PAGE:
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United States Court of Appeals, Eleventh Circuit.

UNITED STATES of America, Plaintiff-Appellee, v. Jeffrey ARONOFSKY, Defendant-Appellant.

No. 21-10500

Decided: August 26, 2021

Before WILSON, JORDAN, and GRANT, Circuit Judges. Germaine Seider, U.S. Attorney Service - Middle District of Florida, U.S. Attorney's Office, Tampa, FL, for Plaintiff - Appellee. Rosemary Cakmis, Law Office of Rosemary Cakmis, James T. Skuthan, Federal Public Defender's Office, Orlando, FL, Jeffrey Aronofsky, FCI Bastrop - Inmate Legal Mail, Bastrop, TX, for Defendant - Appellant.

Stephen J. Langs, appointed counsel for Jeffrey Aronofsky in this direct criminal appeal, has moved to withdraw from further representation of the appellant and filed a brief pursuant to Anders v. California, 386 U.S. 738, 87 S.Ct. 1396, 18 L.Ed.2d 493 (1967). Our independent review of the entire record reveals that counsel's assessment of the relative merit of the appeal is correct. Because independent examination of the entire record reveals no arguable issues of merit, counsel's motion to withdraw is GRANTED, and Aronofsky's conviction and sentence are AFFIRMED.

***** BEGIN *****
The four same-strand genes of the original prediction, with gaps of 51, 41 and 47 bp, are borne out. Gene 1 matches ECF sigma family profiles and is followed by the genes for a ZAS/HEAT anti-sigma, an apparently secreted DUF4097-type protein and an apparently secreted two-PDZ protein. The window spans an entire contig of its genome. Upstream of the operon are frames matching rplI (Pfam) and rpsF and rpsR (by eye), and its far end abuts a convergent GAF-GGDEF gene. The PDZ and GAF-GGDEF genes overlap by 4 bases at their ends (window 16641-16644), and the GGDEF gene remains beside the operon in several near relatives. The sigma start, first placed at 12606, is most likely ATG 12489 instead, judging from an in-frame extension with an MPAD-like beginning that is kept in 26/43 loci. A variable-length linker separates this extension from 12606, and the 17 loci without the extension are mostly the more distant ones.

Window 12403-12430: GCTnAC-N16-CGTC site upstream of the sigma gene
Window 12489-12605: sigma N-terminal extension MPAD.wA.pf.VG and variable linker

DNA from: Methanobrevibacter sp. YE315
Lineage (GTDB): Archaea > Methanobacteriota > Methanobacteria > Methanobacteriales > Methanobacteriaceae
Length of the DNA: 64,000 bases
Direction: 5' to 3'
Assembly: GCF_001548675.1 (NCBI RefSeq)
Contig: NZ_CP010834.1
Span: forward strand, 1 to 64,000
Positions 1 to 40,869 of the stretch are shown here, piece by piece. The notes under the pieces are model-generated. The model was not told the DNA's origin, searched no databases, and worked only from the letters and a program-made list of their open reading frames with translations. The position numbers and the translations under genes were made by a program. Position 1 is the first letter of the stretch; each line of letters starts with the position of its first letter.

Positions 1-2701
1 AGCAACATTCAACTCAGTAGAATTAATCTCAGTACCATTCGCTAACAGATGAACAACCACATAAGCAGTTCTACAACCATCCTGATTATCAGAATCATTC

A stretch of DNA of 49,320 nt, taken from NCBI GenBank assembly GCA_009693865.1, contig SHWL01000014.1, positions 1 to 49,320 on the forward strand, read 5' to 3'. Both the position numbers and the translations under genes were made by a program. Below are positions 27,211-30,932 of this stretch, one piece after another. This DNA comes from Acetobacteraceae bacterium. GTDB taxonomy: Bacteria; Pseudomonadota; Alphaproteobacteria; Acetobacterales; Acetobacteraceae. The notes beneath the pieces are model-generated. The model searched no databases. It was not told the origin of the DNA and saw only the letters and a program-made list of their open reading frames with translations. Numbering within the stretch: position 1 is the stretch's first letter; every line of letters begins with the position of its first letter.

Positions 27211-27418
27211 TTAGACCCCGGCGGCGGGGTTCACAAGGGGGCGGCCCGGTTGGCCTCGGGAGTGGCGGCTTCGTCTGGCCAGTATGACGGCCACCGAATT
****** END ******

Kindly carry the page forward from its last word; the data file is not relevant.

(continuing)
With respect, I dissent. I would not allow counsel to withdraw and would not affirm under Anders v. California, 386 U.S. 738, 87 S.Ct. 1396, 18 L.Ed.2d 493 (1967).

The district court sentenced Mr. Aronofsky to 20 years in prison, which was about 2 1/212 years above the top of the advisory guideline range. Anders is concerned with frivolous appeals, see Smith v. Robbins, 528 U.S. 259, 272, 120 S.Ct. 746, 145 L.Ed.2d 756 (2000), and I don't think that an appeal of the upward variance would be frivolous. It would certainly be difficult given this court's precedents, but it would not “lack[ ] an arguable basis either in law or fact.” Neitzke v. Williams, 490 U.S. 319, 325, 109 S.Ct. 1827, 104 L.Ed.2d 338 (1989). The reasonableness of a sentence, particularly a sentence based upon an upward variance, requires an individualized inquiry. Mr. Aronofsky's counsel submits in his motion to withdraw that the 20-year sentence here “may arguably” be substantively unreasonable, and I would direct him to brief that issue. See id. at 329, 109 S.Ct. 1827 (“not all unsuccessful claims are frivolous”).


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